Not if we can help it.

We‘ll be right back.


SCARBOROUGH:  Now, here‘s a scary number for Republicans, 56 percent -- 56 percent.  Hey, not bad if it‘s approval ratings, but we ain‘t talking about approval ratings.

We‘re talking about the paltry portion of Republican voters who say they‘re satisfied with their choices for the 2008 presidential election, which may explain why Newt Gingrich yesterday confessed to an extramarital affair that was going on while he was deeply embroiled in the Bill Clinton-Monica Lewinsky wars of the late 1990s. 

It makes me dirty just saying those words.

Was Newt‘s mea culpa another step in a move to run for president in this wide open Republican field? 

Back with me, MSNBC political analyst and columnist for “The Congressional Quarterly,” Craig Crawford, and White House correspondent for “The New Republic,” Ryan Lizza.

Craig, you were there with me at the end of the 1990s.  It was an ugly time.  It was a dirty time.  But is anybody outside of Washington really surprised by this Newt Gingrich revelation some six, eight years later? 

CRAWFORD:  Not really, but probably enough people would be that it was smart for him.  And a very clear sign to me that he is running for president.  He didn‘t have to talk about this.


CRAWFORD:  This is what you might call a preemptive confession.  He‘s—it‘s a little early spring house cleaning as he gets ready for what everyone thinks will be an announcement this fall that he‘s going to run for president. 

The idea is that you get it now, you bring it out yourself, you talk about it, and then once it comes up later on it‘s not a front-page story and he can say asked and answered old story.  I mean, this is a pattern we‘ve seen with politicians many times.  So it‘s a good move, but a very clear sign to me that he is running.

SCARBOROUGH:  And you know, Craig, what‘s so fascinating is conservatives have been talking about Newt Gingrich for the next—for the past, I would say, year.  I‘ve had conservatives inside Washington that new about all of those problems, saying he may be the conservatives‘ best chance to get into the White House. 

What does it say about the Republican Party that you‘ve got two of the top candidates that are running, Giuliani and Gingrich, that have enough wives between them to start a basketball team with a sixth man?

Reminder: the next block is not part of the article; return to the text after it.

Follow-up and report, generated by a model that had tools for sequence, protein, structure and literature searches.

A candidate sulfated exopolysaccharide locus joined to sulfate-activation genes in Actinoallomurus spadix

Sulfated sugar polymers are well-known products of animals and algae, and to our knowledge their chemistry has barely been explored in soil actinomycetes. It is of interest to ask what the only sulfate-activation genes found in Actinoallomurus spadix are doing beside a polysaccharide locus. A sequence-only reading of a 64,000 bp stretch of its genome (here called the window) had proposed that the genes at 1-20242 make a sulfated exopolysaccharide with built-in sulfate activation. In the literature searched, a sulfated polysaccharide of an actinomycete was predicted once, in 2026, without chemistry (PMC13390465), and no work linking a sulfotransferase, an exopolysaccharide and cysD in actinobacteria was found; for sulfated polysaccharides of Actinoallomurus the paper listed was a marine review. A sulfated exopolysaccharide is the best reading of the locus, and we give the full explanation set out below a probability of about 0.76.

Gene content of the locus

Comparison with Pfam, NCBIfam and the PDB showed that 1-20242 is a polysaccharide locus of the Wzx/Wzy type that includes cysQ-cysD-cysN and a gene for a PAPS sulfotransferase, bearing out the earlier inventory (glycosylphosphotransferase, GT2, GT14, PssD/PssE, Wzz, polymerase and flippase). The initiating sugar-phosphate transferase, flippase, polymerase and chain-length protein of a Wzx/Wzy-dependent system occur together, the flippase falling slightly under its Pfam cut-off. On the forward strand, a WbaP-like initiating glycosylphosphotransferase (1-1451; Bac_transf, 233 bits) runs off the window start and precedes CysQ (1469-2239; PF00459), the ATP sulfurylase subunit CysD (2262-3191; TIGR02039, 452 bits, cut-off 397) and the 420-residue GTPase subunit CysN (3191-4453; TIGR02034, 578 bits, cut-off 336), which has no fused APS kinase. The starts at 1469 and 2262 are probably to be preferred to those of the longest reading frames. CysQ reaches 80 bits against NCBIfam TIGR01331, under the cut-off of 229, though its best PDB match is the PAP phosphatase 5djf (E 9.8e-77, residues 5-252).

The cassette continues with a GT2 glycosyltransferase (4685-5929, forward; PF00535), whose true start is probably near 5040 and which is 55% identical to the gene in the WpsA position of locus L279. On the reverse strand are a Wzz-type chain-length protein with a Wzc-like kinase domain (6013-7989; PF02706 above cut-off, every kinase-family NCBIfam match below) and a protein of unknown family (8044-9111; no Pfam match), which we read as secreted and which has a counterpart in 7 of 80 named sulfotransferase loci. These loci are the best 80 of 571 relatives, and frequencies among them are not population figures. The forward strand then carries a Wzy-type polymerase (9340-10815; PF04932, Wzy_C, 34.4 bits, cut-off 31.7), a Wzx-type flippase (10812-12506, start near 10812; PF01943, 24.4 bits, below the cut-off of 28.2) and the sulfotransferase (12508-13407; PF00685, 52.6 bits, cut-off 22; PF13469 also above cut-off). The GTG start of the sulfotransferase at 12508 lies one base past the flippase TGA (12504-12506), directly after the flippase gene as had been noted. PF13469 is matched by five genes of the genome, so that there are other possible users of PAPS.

CRAWFORD:  Yes.  I mean, if you add Gingrich to the top tier, we‘re talking four candidates with nine wives, and the Mormon being the only one with a single wife.  But I do think, you  know, it‘s a family values party.  So maybe the new twist on family values, Joe, is, have lots of families. 

SCARBOROUGH:  I support marriage so much that I‘ve done it three times.  I think they‘ll buy that in Iowa.

Ryan, what does it say about the fact that, really, at this point, nobody really cares if Giuliani has had three wives?  Nobody seems to care if Gingrich has had three wives.  Nobody has really cared if a couple of them ended kind of ugly. 

Has the Republican Party become the new Democratic Party? 

LIZZA:  Well, I was going to say, if marriage and marital fidelity is your issue, then you‘re voting for a Democrat this cycle.  Hillary and Obama and Edwards are looking a whole lot better when stacked up against Gingrich and McCain and Giuliani.  And I don‘t know—look, I don‘t think it‘s an issue.  I don‘t care if these guys were married before or divorced or not.  But it does seem like social conservative do care about that kind of thing.  So, if you‘re a social conservative and, you know, you really care about marriage, you‘re either voting for a Mormon or a Democrat this cycle.

CRAWFORD:  And Joe, I‘ve got to say—I mean, as you say, we—I go back to the ‘90s, along with you, as a journalist in those days, when you were in the House and I—I like Newt Gingrich.  I always say, I don‘t always know what he is talking about, but I love listening to him. 


SCARBOROUGH:  He‘s a brilliant man.

CRAWFORD:  He‘s a brilliant man, and I really hope he does run because I think his voice in the debate in the presidential campaign will be totally fascinating. 

LIZZA:  Well, it will be fascinating in debates...

SCARBOROUGH:  There‘s no doubt, Ryan, that if Newt Gingrich runs, regardless of what you think about his wives or his views...

LIZZA:  Right.,